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Wall Street banks are leaving Russia

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Wall Street banks are leaving Russia

The baseball lockout is over. MLB and the players’ union struck a new collective bargaining agreement that includes higher salaries for young players. That is, the opening day will be 7 April.

International sanctions are increasing the likelihood that Russia’s government will default on foreign bonds for the first time since the Bolsheviks rejected the Tsar’s loans in 1917. This presents another major test for credit default swaps, an insurance-like derivative that played an important role in the 2008 financial crisis. Amid Russia’s financial turmoil, some have warned that CDS contracts could widen losses and disrupt markets.

A Quick Primer on the CDS Market: Credit default swaps are like insurance but for bonds. Unlike typical insurance, there is no underwriter, and prices are set by buyers and sellers. Buyers get security for their bonds, and sellers get money upfront, but are prepared to pay if there is a default. In addition, most CDS markets do not have bonds with buyers to buy insurance. Proponents say swaps lower borrowing costs and hedge risk, but critics say they have created a market for side bets, multiplying losses in times of crisis.

How much does Russia owe? International investors have about $20 billion in Russian government bonds. As of mid-February, the latest available data from clearing house DTCC, there were $40 billion in swaps tied to Russian debt.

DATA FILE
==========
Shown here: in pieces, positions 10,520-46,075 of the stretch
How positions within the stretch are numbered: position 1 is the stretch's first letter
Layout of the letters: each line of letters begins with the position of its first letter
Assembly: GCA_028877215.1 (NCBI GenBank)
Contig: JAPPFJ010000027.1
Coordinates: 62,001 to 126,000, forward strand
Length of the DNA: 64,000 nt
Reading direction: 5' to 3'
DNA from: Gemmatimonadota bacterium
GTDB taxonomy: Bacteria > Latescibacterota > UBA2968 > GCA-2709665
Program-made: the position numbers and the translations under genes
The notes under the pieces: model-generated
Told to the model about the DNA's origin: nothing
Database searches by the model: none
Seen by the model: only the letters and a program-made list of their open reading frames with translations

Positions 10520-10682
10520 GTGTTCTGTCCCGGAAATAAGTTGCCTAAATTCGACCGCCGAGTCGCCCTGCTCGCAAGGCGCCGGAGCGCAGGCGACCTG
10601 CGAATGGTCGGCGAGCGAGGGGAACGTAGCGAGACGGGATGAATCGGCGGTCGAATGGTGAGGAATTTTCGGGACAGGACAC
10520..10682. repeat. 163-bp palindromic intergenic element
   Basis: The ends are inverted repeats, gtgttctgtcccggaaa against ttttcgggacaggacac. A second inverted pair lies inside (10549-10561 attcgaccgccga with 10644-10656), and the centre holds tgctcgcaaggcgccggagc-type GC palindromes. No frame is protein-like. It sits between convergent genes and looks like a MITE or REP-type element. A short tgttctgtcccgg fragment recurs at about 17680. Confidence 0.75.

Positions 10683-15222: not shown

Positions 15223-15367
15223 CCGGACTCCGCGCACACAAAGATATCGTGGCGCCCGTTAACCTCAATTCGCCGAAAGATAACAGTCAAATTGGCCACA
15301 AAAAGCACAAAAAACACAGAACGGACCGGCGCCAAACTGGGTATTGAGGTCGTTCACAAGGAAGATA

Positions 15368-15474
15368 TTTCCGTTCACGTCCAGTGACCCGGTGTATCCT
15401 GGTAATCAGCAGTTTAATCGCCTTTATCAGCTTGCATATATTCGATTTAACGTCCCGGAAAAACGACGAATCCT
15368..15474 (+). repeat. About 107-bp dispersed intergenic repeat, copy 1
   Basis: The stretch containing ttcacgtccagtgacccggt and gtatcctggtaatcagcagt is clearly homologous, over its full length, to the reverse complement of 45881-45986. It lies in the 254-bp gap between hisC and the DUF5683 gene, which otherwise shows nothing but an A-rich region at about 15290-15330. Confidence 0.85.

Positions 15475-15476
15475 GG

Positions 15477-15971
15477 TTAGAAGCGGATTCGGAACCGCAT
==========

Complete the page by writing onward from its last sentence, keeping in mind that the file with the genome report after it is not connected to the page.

What are the chances of Russia missing? Russia has $117 million in foreign currency coupon payments due on Wednesday, and a 30-day grace period before default is declared if it or she misses future payments. As of last week, the cost of insurance on $100,000 of five-year Russian bonds is about $45,000, ten times higher than a month ago. Richard Briggs, an investment manager at GAM in London, told DealBook: “It seems almost inevitable that they will have to pay now given the restrictions.”

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If Russia defaults, will the swap pay off? The $40 billion in insurance implied by CDS contracts may not actually cover bondholders’ losses. Russia has suggested it could pay its foreign bondholders in rubles instead of dollars, which could avoid triggering a default, even if sanctions make it impossible for foreigners to handle the ruble. Briggs said the concerns about contracts not being paid “have subsided significantly over the past few days, although it is still a risk.”

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